Mom blog: Needle tips

Mom Blogger JacquelynNow, that is one misleading title!
Grandma reads: “Needle tips: always use a pincushion, not the arm of the chair”;
savvy social worker reads: “Needle tips: never use someone else’s”;
kid reads: “Needle tips: they are very sharp and you should never play with needles’;
Mom reads: “Needle tips: oh goody, maybe some decent advice on how to get through the flu shot!”

We’ll be looking at the tips for getting little girls and guys through the next needle visit to the pediatrician.

Off-topic question: I’m visiting my mum and her new hip this weekend—what should I take for a gift?!?! Any suggestions most appreciated. Respond here, or to

Back to Needle Tips:

    Emla cream or an Emla patch will numb the area—when my 14-year-old was 8 and had 2.5 years of chemo, we used the patch for many, many needles. It helped a lot, and it made him feel that he was actually doing something to make it hurt less.

    I was with my dear daughter in law when my 2 yr old grand daughter received her flu shot.
    The best suggestion (although they have to do it for it to work) is to explain that when the needle is going into a relaxed muscle it hurts but way less than when it has to fight its way into a tight muscle. When we know we are getting a shot we all tend to brace ourselves which means we tighten up all of our muscles. So instead of thinking of the big Ouch we are about to get we need to think warm fuzzy thoughts that will help us stay as relaxed as possible. Yes the shot will still hurt but incredibly less and we will get over it way faster!!! I promise it’s true.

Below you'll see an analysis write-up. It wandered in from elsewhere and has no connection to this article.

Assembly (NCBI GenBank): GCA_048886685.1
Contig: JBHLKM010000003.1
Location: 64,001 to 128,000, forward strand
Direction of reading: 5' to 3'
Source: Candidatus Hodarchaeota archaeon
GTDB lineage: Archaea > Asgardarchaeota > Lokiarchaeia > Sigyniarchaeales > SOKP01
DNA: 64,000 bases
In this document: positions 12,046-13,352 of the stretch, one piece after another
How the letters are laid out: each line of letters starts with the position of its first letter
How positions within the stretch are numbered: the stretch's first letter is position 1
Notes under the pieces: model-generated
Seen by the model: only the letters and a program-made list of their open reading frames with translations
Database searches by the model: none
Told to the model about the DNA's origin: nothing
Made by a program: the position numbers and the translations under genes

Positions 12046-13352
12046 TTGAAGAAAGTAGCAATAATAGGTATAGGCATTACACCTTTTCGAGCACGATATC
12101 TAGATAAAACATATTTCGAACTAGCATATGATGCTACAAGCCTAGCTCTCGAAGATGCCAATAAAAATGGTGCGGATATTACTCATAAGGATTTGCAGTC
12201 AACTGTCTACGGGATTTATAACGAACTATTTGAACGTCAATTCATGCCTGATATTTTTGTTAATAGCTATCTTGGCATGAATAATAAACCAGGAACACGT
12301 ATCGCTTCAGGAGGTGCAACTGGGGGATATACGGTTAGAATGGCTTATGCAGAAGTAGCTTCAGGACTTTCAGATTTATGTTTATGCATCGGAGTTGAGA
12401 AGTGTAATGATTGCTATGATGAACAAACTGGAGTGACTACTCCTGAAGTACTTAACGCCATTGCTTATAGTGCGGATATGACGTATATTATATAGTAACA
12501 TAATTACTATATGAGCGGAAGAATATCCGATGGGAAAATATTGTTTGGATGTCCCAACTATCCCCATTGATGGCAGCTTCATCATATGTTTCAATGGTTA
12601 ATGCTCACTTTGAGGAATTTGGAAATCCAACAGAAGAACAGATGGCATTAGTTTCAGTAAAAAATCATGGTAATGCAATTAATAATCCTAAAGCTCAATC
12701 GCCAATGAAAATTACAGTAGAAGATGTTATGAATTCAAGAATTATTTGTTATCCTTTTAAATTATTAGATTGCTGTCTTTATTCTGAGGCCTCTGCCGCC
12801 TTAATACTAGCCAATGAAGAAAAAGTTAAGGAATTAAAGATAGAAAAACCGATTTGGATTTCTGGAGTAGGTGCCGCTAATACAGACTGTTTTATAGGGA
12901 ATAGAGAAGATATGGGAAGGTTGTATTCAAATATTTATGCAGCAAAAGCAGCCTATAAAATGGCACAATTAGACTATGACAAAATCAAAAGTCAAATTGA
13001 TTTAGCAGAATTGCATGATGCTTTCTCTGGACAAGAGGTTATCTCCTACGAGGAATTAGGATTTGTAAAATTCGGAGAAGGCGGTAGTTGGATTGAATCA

When my children were little, I never told them what was happening at the doctor. As they got older and smarter, I told them it was up to the doctor, that he would decide. As soon as he would say, oh, I see we need some medicine, I’d say what is this medicine worth doctor?, and he’d say one toy or two toys or a toy and a donut, and we would keep the children very busy thinking and calling out “prizes” and it sure seemed to work.

    Big hugs.

    I practise honesty—yes, it is going to hurt, but thank goodness it’s only going to hurt for a super short time. I encourage all my kids to squeal, shout and cry, but to realize when it stops hurting, and then stop crying. As long as the crying is over by the time we leave the examining room, we go shop for a present—toy, clothing, rent a movie, $5 worth of Airheads. This works on kids 3 to 16 (and counting).
    —me again (it’s my blog, I can respond to my own questions!)

    When my son needed to have blood drawn, the nurse at the lab suggested he lie down instead of sit in a chair. I held up my cell phone so he could see it and I flipped through the photos, getting him to say what was there. Now, we always ask for needles while lying down, and he is much less stressed.

    I think kids need to be distracted—a portable DVD player, ipod, or a game on a phone, or a bubble wand, or a doll to do a silly dance or for mom to hit herself over the head with a stuffed animal (my mom did that). My little sister is very bossy, and the doctor lets her decide which arm, where she wants to sit, if her stuffed animal gets a shot and where, and she gets to say when she gets it, at the beginning or at the end or in the middle of the visit. She doesn’t really cry, she just does a little scream. I have a question, why can’t you just get a pill instead of a needle?

That IS a very good question. I will try to find an answer, Sydney. My Luka had the very same question last week!

Have a great weekend, see you Monday!


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